I have noticed that in almost any discussion of the evolutionary origins of religious behavior, someone is bound to say, “religions originated as pre-scientific attempts to explain nature.” They will often then go on to explain how the Thunder God is an effort to explain thunder, how the Sun God is an effort to explain the sun, and so forth.
I get so tired of hearing that worn-out 19th Century idea. Perhaps there is some slight truth to it, but there’s certainly not enough truth to it to make it a remarkable idea.
What aspect of nature does the crucifixion of Jesus attempt to explain? What aspect of nature does Siddhartha’s enlightenment attempt to explain? How does the Confucian emphasis on cultivating proper relationships attempt to explain nature? What aspect of nature does Zen meditation attempt to explain? The notion that “religions originated as pre-scientific attempts to explain nature” simply does not explain crucial aspects of several religions.
I do not subscribe to the notion that religious behavior has only one evolutionary origin. It seems more likely that it arises from at least three sources.
First, humans have an inherent predisposition to ascribe personalities to things. You see this trait at work even in everyday events. Someone might think of their car or their computer as having a personality, for instance, and even go so far as to name their machines. This tendency to ascribe personalities to things — even to inanimate things — seems to me to be the the origin of many supernatural spirits and beings. It is not much of a step from thinking of the weather as having a personality to conceiving of the weather as a spirit or being.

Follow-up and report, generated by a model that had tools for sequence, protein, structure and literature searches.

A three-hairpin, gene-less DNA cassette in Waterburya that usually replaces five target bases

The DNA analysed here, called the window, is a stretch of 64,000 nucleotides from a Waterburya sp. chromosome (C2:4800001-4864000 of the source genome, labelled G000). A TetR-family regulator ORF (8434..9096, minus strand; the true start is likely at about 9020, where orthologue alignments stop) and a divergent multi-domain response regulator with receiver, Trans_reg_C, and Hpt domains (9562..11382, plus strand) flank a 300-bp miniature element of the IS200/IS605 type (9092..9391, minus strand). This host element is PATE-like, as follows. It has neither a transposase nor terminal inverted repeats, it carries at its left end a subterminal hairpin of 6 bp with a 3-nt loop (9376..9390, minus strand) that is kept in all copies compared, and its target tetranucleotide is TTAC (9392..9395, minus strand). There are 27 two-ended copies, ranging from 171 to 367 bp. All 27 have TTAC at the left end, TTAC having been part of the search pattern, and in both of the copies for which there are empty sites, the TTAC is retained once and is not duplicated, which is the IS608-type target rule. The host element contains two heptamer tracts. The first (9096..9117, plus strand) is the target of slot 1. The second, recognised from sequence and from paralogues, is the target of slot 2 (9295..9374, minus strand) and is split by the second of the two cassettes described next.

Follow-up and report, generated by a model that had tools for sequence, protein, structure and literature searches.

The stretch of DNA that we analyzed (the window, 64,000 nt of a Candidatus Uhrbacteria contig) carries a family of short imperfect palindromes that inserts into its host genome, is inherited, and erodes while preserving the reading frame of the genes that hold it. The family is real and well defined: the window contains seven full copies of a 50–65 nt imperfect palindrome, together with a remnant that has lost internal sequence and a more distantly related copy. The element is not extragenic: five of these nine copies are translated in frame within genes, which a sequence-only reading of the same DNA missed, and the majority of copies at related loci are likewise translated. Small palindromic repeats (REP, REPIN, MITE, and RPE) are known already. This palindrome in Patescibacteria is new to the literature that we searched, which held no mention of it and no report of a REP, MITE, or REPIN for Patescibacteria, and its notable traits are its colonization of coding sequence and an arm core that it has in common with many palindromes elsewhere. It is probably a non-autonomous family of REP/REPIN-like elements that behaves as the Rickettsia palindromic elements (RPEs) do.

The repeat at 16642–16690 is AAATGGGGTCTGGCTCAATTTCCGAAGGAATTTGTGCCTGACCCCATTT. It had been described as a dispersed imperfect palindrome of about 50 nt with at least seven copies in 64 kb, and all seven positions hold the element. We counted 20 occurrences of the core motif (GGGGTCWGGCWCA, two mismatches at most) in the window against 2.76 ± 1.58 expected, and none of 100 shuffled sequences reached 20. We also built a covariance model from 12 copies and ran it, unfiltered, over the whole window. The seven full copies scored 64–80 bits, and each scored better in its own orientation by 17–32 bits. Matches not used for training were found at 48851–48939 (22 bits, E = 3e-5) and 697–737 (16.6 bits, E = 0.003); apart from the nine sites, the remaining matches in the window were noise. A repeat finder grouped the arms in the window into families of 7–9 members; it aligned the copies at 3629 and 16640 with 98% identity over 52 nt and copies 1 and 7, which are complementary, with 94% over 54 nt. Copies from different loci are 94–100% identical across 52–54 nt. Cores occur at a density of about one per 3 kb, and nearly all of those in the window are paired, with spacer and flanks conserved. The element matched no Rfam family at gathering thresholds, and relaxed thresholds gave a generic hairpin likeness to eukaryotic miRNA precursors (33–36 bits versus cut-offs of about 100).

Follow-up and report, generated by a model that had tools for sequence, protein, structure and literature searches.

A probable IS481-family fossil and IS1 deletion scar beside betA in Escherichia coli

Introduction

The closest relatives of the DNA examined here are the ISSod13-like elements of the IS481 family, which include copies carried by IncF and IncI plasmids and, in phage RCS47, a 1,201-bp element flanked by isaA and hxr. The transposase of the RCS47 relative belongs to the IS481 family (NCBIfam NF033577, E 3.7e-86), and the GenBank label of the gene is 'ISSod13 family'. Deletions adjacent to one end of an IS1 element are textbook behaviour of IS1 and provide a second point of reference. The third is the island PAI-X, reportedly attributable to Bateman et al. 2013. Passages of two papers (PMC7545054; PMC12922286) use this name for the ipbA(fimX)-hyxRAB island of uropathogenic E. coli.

Another likely origin for at least some religious behavior are mystical experiences. Mystical experiences are poorly understood, but there are at least several kinds of them. It is not hard to imagine at least some kinds of mystical experiences giving rise to religious behaviors. For instance, one has only to think of the experience of satori in Zen.
It seems clear that various psychological disorders might also have given rise to some religious behaviors. For instance, some passages in the books of Deuteronomy and Leviticus appear to have been inspired by psychosis.
Those are three possible sources for the origin of religious behavior. It is also possible that an effort to explain natural phenomena played a roll in the origin of religious behavior. However, I think that roll was marginal at best when compared to the other three sources.